ENVIRONMENTAL COMPLIANCE PROGRAM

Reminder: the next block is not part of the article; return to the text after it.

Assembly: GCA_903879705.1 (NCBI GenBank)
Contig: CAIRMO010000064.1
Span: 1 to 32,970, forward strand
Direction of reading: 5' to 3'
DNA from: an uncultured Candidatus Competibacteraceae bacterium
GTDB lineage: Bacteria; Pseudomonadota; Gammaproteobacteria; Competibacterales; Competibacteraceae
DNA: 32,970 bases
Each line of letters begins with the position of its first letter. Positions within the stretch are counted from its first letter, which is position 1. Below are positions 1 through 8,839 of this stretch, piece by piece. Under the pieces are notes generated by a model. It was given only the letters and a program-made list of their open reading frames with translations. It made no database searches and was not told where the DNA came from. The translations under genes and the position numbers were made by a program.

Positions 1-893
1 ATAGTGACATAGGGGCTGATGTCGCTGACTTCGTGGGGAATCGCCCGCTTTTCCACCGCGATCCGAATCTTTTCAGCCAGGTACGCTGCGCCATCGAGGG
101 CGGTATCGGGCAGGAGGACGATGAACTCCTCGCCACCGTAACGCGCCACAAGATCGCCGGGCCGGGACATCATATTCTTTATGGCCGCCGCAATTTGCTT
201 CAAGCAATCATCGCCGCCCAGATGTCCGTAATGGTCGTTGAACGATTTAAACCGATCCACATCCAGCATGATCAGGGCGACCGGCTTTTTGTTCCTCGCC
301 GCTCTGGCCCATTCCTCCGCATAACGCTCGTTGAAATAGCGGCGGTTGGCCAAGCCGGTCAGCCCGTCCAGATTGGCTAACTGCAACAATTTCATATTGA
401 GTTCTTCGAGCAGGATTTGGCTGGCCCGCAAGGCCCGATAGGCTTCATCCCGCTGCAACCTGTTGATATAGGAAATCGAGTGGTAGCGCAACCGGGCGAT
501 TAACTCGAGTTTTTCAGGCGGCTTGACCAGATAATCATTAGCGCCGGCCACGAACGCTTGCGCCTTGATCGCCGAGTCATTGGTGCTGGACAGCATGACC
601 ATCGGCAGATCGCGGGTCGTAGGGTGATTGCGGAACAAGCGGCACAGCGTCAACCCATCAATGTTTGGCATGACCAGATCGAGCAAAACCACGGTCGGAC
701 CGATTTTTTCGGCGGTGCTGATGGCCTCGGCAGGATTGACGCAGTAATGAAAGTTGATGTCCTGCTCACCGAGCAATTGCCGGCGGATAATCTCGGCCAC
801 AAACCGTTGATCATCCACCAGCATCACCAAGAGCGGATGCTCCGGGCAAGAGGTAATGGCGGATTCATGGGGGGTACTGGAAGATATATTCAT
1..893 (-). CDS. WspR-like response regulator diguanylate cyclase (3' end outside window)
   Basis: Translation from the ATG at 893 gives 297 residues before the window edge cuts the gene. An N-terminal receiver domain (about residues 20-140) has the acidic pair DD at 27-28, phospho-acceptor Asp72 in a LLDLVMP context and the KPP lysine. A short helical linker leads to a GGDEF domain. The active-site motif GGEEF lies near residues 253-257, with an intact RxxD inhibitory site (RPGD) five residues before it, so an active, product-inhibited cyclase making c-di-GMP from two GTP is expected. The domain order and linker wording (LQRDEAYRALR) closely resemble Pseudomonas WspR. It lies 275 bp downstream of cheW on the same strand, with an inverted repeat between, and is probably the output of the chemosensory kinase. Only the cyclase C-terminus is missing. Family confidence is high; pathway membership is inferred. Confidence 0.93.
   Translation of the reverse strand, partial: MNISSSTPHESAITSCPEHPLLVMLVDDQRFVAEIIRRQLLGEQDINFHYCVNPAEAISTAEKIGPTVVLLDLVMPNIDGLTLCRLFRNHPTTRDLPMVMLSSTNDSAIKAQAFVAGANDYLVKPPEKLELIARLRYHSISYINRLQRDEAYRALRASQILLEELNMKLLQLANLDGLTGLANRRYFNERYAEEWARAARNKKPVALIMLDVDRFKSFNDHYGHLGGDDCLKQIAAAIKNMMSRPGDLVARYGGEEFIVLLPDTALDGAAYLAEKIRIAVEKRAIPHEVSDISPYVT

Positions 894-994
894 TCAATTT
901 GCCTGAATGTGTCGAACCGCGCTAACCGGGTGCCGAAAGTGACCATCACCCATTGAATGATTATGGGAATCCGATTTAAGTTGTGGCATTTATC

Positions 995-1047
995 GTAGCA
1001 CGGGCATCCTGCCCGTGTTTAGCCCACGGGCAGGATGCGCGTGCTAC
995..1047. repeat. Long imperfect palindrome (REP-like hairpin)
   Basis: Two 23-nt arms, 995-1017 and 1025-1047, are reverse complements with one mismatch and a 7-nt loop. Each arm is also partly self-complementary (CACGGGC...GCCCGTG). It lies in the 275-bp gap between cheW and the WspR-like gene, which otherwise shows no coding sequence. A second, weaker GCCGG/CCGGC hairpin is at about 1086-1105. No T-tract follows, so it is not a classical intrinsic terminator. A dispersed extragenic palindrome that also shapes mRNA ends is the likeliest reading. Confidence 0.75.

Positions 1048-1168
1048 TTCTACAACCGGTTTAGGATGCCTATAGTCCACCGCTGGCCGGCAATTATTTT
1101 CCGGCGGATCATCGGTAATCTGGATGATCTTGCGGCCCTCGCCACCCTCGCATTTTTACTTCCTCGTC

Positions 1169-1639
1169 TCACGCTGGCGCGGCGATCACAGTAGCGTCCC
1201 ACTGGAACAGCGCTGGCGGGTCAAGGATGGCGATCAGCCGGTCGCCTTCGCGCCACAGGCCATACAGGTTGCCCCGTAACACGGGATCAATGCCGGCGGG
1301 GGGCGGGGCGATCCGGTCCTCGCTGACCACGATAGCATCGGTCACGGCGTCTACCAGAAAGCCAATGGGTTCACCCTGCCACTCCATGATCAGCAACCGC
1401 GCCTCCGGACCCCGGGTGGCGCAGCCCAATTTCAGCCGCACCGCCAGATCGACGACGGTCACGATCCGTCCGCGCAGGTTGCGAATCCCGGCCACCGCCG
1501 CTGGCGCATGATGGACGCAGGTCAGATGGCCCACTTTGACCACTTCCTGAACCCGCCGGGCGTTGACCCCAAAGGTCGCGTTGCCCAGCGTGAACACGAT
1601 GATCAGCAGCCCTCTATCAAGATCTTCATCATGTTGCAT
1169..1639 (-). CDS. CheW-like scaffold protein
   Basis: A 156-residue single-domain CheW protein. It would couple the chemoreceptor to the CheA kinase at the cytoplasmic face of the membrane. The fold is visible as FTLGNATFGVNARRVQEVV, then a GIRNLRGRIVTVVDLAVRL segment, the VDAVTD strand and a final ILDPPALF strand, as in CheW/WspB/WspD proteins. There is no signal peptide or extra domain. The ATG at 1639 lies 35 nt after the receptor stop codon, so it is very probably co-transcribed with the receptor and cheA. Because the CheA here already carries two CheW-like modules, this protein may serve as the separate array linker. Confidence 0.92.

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1 Chapter 4. Handling and Disposal of Hazardous Waste 4.1 Hazardous waste: Hazardous waste is defined in section IV under definitions. The following diagram can aide in the process of determination: Is the solid waste excluded from regulation (40CFR 261.4). Is the solid waste listed in part 261, subpart D or is it a mixture that contains a waste listed in subpart D. Has the waste or mixture been excluded from the lists in subpart D or in accordance with and Does the waste exhibit any of the characteristics specified in part Containment Buildings (40 CFR 265 DD) Under the LDR (Land Disposal Restrictions), hazardous waste may not be placed on the land unless it has met certain treatment standards. Containment buildings allow for storage of hazardous waste before treating. The containment buildings used must meet certain design criteria. It must be made of manmade materials, fully enclosed with walls, a floor, a roof and be able to withstand the movement of materials, personnel, movement of equipment and the storage of the materials. Surfaces must be chemically compatible with the waste. Any doors or windows must be placed so that there is no contact with the waste and any fugitive emissions must be controlled. Liquid wastes require a primary barrier that is sloped toward a liquid collection device, also a leak detection device should be installed to determine if the integrity of the primary barrier is compromised or not. The sitting of the building must take into account the topography, storm drains present, tree and property boundaries. Also the type of waste may require the sitting to be 50 feet from the facility/property boundary (e.g. ignitable, reactive). The waste is a hazardous waste. Is it generated by a small quantity generator as defined in 261.5? Is it or is it intended to be legitimately and beneficially used, re-used, recycled or reclaimed Is it a sludge or is it listed in Part 261, subpart D or is it a mixture containing a waste listed in part 261 subpart D. It is subject to: tification under section 2010 Parts 262 and 263 Parts 264, subparts A-E Part 265, subparts A-E & G, H, I, J & L Parts 270 &124 The waste is subject to control under subtitle D (if land disposed) It is subject to It is subject to subtitle C It is not subject to regulations under subtitle C Page 1 of 6 Housekeeping along with a good preventive maintenance program is essential to proper management of the site. Inspections of the waste streams, quantity, storage and the condition of the containment building should be inspected at least weekly. Signage should be posted that identifies the area as a hazardous waste storage area. The health, fire and stability hazard present should also be posted. Security of the area shall be enforced and maintained. The methods of contacting emergency response personnel, the responsible department, the site coordinator, phone number, and the proper response required if a spill or fire is present shall be posted and readily visible to employees. A means of contacting the proper personnel shall be readily available and maintained in working order. A generator must comply with these requirements if temporary accumulation is designated for a containment building. The generator whether a small generator or a large generator must obtain certification from a professional engineer that the building conforms to the design standards, also the generator must